Sen. Elizabeth Warren. Photo: Ethan Miller/Getty Images

Sen. Elizabeth Warren (D-Mass.) pledged in a CBS News interview on Tuesday evening that she will forgo big money events and fundraisers in the general election if she becomes the Democratic nominee.

Why it matters: Previously, the 2020 contender said the fundraising pledge only applied to the primary. Warren has risen in the polls and was a top fundraiser in the third quarter. She told CBS News: "I will not be forced to make changes in how I raise money,” and plans on sticking with her grassroots message to fight the "bazillionaires and corporate executives and lobbyists."

In a later statement explaining her decision, Warren's campaign said she will continue to raise money and attend events that are open to the press to raise money for Democratic candidates "up and down the ballot," but added:

"When Elizabeth is the Democratic nominee for president, she's not going to change a thing in how she runs her campaign. That means no PAC money. No federal lobbyist money. No special access or call time with rich donors or big dollar fundraisers to underwrite our campaign. Our campaign is and will continue to be a grassroots campaign — funded by working people chipping in a few bucks here and there."
"Elizabeth also recognizes that voluntary efforts are not enough to create the big, structural changes we need for our rigged political system. That's why she will be rolling out a more comprehensive campaign finance plan in the coming weeks to permanently break the stranglehold that the money-for-influence racket has on our politics."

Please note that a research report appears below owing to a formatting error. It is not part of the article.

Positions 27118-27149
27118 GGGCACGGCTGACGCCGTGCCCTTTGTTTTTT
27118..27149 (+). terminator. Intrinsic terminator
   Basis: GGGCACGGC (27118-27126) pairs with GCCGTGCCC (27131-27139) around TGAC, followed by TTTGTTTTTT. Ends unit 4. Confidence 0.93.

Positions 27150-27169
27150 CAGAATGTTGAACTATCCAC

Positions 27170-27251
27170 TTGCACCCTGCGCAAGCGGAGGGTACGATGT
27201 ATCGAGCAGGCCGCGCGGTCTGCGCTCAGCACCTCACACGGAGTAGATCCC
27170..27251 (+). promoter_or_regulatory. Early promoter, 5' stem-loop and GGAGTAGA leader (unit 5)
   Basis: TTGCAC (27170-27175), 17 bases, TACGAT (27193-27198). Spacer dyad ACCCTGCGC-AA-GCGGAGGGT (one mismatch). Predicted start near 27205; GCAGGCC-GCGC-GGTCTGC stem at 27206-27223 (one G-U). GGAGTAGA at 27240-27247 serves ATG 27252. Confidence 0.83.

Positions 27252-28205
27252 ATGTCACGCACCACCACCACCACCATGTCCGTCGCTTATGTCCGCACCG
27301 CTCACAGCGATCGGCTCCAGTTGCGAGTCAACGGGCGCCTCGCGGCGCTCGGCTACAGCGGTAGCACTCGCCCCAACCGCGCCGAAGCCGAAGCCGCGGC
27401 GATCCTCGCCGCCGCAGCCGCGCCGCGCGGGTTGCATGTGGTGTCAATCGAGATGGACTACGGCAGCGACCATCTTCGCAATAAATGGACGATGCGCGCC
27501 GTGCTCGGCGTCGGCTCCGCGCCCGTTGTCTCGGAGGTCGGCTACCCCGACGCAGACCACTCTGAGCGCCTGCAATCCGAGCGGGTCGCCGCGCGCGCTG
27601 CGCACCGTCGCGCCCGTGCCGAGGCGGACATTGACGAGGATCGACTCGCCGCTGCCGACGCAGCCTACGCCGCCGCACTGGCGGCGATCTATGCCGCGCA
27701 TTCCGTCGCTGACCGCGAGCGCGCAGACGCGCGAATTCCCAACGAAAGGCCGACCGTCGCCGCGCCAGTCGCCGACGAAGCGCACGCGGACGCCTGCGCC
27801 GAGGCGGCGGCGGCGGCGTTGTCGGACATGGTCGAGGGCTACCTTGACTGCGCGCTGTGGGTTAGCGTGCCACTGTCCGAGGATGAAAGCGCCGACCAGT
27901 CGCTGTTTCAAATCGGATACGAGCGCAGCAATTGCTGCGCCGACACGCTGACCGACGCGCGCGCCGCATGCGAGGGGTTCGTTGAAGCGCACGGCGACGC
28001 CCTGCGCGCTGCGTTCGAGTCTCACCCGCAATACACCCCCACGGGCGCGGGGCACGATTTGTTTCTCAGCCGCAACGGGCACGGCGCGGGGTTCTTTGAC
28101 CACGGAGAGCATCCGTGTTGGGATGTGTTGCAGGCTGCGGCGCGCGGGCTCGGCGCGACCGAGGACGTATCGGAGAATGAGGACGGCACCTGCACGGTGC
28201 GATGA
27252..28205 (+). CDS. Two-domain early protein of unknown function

Go deeper: Trump campaign, RNC say they raised record-breaking $125 million in Q3

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The Big Ten announced Tuesday that it has voted to postpone its 2020 fall sports season, including football, due to risks posed by the coronavirus pandemic, hoping instead to play in the spring.

Why it matters: The move from one of the most prominent conferences in college sports will almost certainly prompt other Power Five leagues to follow suit.

13 of Biden's former rivals to appear together at Democratic convention

Democratic presidential candidates at the primary debate in Charleston, SC. Photo: Win McNamee/Getty Images

In a show of unity at the Democratic National Convention, 13 of Joe Biden's former 2020 challengers will appear via video to talk about the party's vision for the country and how they'll work with Biden to get it done.

Why it matters: Coalescing around Biden and his eventual running mate will help Democrats head into the general election against President Trump with a united front — unlike what they did in 2016.